In recent opinions, the United States Court of Appeal for the Eleventh Circuit addressed an issue of first impression in Osorio v. State Farm Bank, F.S.B., 746 F.3d 1242 (11th Cir. 2014) (issued on March 28, 2014) and Breslow v. Wells Fargo Bank, N.A., Case No. 1:11-cv-22681 (11th Cir. 2014) (issued on June 9, 2014). In both cases, the Eleventh Circuit held that the term “called party” as used in the Telephone Consumer Protection Act, 47 U.S.C. § 227, refers to the subscriber of a cellular telephone number, and not the individual whom the caller intended to call. Prior to these opinions, the only federal appellate court that had ruled on the issue was the Seventh Circuit. See Soppet v. Enhanced Recovery Co., LLC, 679 F.3d 637, 640 (7th Cir. 2012). In Osorio and Breslow, the Eleventh Circuit followed the Seventh Circuit’s reasoning that the TCPA consistently uses the term “called party” to mean the subscriber of the telephone number.
In part, the TCPA makes it unlawful for any person
(A) to make any call…using any automatic telephone dialing system or an artificial or prerecorded voice—
. . .
(iii) to any telephone number assigned to a paging service, cellular telephone service, specialized mobile radio service, or other radio common carrier service, or any service for which the called party is charged for the call . . . .
47 U.S.C. § 227(b)(1) (emphasis supplied).
In Osorio, Clara Betancourt provided the cellular telephone number of Fredy Osorio in connection with auto insurance and credit card applications. 746 F.3d at 1242. Betancourt subsequently defaulted on her credit card payments, which caused State Farm to attempt to contact her on the cell number provided by Betancourt. Osorio, the subscriber of the number provided by Betancourt to State Farm, sued State Farm for violating the TCPA as a result of State Farm’s use of an autodialer to contact Osorio’s cellular telephone without his consent. On summary judgment, State Farm argued that the “called party” should be interpreted to be the “intended recipient” (Betancourt) under the TCPA. “This would mean that Betancourt, as the intended recipient of State Farm’s calls, could consent to Osorio receiving the calls…” Id. at 1250. In rejecting Wells Fargo’s argument, the Eleventh Circuit held that the “called party” referred to under section 227(b)(1)(A) is not the “intended recipient.” Id.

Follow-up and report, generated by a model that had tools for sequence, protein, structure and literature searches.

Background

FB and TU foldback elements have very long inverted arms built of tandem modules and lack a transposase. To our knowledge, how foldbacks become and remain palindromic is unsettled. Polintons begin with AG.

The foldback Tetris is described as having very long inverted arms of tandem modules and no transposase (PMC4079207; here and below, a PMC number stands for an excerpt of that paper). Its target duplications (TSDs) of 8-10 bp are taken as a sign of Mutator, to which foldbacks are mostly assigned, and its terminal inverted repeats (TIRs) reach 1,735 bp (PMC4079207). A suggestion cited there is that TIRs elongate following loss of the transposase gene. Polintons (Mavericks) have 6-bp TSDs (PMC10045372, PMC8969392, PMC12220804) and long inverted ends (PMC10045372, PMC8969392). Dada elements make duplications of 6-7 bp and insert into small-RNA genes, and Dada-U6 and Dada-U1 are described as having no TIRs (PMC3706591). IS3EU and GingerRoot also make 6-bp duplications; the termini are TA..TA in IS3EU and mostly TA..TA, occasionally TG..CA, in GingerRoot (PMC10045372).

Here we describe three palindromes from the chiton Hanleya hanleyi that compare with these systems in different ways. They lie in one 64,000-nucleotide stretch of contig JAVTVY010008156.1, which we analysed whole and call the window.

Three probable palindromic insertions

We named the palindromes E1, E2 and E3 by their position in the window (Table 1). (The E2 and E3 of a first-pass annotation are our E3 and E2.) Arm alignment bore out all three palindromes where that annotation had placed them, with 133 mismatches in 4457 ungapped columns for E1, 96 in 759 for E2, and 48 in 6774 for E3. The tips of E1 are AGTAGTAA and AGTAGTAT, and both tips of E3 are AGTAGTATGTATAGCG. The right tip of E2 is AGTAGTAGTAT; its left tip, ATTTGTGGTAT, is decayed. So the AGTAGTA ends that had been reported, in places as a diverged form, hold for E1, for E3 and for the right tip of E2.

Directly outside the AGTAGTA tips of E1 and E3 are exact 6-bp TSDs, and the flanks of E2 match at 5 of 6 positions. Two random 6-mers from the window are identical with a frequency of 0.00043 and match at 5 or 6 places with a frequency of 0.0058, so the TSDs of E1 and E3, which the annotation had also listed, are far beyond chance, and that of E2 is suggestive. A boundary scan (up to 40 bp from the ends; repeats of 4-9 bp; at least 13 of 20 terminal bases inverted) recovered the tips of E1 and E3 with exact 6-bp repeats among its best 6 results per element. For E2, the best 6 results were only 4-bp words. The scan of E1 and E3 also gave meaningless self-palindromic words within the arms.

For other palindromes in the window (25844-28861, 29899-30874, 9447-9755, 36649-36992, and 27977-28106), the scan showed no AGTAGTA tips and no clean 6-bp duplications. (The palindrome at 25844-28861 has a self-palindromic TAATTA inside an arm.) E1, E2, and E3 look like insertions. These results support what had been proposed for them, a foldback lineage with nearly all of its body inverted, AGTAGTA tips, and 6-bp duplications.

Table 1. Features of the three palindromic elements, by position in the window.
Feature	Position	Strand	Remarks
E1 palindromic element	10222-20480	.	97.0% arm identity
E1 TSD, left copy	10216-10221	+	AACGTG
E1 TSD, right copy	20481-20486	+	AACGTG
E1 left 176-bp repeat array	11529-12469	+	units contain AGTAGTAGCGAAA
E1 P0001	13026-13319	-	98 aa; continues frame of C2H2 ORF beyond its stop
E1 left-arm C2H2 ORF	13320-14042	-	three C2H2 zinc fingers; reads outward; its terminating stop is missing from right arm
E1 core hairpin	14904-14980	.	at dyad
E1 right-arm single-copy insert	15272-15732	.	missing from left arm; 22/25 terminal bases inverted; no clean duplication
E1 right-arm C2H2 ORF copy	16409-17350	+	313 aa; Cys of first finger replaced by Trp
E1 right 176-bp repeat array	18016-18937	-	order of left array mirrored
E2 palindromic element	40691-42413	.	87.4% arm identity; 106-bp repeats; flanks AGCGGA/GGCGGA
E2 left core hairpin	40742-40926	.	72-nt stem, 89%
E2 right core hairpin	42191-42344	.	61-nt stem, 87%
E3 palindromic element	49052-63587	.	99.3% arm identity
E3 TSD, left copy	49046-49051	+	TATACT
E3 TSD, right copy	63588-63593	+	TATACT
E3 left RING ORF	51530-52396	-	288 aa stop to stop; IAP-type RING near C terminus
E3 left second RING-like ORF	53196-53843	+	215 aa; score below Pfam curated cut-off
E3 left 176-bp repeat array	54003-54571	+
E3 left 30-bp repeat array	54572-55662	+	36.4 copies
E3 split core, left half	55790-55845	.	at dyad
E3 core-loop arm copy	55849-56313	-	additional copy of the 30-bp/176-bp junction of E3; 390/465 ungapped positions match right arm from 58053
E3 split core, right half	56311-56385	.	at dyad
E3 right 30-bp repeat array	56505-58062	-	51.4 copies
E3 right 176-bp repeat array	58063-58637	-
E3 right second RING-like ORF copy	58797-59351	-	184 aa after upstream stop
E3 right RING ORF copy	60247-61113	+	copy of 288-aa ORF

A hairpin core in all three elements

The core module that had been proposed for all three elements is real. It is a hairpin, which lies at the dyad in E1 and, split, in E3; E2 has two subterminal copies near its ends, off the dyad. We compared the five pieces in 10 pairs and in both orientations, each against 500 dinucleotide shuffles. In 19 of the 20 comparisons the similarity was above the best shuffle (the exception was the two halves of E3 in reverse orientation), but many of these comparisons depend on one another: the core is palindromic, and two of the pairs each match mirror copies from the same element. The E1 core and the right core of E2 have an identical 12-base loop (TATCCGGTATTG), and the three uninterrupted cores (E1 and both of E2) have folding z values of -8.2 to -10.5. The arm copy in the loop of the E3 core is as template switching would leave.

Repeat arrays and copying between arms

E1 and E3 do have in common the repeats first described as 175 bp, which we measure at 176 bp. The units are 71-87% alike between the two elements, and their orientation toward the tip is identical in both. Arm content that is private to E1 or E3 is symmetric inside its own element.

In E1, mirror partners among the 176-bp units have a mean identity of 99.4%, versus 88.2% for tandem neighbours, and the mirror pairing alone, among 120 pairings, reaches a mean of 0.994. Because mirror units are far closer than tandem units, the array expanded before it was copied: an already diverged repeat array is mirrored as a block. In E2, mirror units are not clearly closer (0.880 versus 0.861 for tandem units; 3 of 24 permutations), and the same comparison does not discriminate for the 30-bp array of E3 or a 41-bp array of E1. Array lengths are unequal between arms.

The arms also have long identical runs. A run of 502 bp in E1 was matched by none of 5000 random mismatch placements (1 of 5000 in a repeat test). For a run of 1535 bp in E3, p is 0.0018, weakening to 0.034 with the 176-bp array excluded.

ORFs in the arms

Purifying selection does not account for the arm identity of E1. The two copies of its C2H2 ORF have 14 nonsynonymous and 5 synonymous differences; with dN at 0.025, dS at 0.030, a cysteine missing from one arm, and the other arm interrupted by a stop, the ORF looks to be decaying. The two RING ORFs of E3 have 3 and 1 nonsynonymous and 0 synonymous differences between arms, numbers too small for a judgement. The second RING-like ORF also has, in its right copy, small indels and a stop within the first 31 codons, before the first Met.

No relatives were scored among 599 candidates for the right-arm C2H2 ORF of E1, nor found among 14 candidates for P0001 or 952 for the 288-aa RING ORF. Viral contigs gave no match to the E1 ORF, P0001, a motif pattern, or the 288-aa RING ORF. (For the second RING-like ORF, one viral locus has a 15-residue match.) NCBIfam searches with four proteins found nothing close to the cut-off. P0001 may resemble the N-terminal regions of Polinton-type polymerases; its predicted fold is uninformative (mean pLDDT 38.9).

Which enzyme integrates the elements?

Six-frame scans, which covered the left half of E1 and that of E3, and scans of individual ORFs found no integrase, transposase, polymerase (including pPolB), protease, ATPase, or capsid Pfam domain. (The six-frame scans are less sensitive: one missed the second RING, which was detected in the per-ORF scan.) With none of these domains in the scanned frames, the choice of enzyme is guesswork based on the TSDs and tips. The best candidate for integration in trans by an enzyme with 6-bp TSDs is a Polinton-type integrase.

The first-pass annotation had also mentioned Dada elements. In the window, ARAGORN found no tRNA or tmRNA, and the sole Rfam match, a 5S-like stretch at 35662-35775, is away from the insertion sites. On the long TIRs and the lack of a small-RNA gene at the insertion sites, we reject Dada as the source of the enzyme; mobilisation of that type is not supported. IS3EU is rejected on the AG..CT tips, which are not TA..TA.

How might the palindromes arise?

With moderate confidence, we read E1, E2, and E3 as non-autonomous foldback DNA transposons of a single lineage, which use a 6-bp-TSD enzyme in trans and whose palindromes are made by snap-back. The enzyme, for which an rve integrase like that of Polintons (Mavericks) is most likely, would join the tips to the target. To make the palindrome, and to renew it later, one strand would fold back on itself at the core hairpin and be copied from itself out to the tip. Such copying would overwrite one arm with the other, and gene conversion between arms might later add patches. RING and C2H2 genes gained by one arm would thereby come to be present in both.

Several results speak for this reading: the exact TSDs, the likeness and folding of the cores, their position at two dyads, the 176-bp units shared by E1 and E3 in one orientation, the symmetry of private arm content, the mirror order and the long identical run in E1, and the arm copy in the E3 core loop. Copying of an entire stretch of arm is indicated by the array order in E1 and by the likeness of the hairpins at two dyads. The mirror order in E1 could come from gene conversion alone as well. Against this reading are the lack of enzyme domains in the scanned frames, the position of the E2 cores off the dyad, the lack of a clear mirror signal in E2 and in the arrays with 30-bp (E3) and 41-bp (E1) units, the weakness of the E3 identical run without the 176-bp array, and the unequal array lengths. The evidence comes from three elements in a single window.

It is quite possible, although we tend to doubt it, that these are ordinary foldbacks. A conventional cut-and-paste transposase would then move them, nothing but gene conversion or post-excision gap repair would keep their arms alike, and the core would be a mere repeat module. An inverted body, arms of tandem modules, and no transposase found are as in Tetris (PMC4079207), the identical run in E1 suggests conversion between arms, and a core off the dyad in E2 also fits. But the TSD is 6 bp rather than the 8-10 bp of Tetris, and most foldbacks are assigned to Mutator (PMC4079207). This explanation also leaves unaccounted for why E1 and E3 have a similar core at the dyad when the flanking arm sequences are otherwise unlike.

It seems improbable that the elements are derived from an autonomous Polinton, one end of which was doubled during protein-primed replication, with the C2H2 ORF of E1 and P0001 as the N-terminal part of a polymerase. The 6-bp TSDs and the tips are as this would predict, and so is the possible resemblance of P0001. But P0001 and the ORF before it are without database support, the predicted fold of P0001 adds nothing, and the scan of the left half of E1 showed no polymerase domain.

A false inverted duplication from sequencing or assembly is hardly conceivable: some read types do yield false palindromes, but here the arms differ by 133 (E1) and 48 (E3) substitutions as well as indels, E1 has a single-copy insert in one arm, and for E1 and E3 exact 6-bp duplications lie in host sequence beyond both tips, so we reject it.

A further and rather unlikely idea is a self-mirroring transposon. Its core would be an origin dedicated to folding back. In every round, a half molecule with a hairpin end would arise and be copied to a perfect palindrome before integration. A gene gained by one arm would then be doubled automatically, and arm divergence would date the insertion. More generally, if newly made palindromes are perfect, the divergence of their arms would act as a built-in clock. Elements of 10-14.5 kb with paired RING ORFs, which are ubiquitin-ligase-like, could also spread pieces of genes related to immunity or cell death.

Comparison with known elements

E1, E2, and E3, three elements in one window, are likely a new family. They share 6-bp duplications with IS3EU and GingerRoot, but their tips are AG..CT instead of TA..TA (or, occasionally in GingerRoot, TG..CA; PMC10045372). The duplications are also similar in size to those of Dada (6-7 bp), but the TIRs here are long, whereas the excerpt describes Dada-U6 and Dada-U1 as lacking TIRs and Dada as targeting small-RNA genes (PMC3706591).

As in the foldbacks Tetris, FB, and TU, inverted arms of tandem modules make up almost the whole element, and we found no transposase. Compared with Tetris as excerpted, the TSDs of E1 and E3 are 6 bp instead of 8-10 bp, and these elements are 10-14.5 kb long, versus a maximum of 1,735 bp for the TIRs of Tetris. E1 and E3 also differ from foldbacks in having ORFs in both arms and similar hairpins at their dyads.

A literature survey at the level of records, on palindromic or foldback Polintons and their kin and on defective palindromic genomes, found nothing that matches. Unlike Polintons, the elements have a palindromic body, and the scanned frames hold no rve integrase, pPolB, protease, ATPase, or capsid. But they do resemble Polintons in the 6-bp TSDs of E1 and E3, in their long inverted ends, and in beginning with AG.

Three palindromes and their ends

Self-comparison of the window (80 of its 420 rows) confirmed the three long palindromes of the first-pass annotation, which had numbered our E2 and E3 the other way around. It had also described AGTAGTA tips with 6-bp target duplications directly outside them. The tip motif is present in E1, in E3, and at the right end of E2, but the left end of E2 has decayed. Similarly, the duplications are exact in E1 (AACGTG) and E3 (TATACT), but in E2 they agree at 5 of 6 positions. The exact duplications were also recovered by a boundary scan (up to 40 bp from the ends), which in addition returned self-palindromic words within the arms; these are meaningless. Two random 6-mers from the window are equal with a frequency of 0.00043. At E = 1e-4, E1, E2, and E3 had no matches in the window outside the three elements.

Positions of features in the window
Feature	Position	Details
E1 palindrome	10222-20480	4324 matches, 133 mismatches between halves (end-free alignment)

In Breslow, Wells Fargo made calls to a cellular phone assigned to Lynn Breslow using an autodialer. Case No. 1:11-cv-22681. Breslow did not consent to Wells Fargo’s calls and she sued for alleged violations of the TCPA. Wells Fargo believed it was contacting a customer who had previously provided the number as contact number. In an affidavit filed in support of a motion for summary judgment, Wells Fargo stated that it “was unaware that the cell phone number was no longer assigned to the former customer and that the former customer never revoked his consent. . . .” Wells Fargo argued that the intended recipient of the calls (the former customer) was the “called party,” and it had therefore not violated the TCPA, because it had consent from the former customer. In rejecting this argument, and consistent with its ruling in Osorio, the Eleventh Circuit held that the “called party” for purposes of the TCPA “means the subscriber to the cell phone service.”
In all, these cases are consistent with prior interpretations of the TCPA by the Eleventh Circuit as a strict-liability statute that imposes a $500.00 per call penalty for violations, and places the burden on callers to ensure that they do not violate the TCPA. Financial institutions that utilize autodialers to contact their customers should be aware of these recent cases and this developing area of the law. Pursuant to Osorio and Breslow, an error attributable to the customer may not be a defense.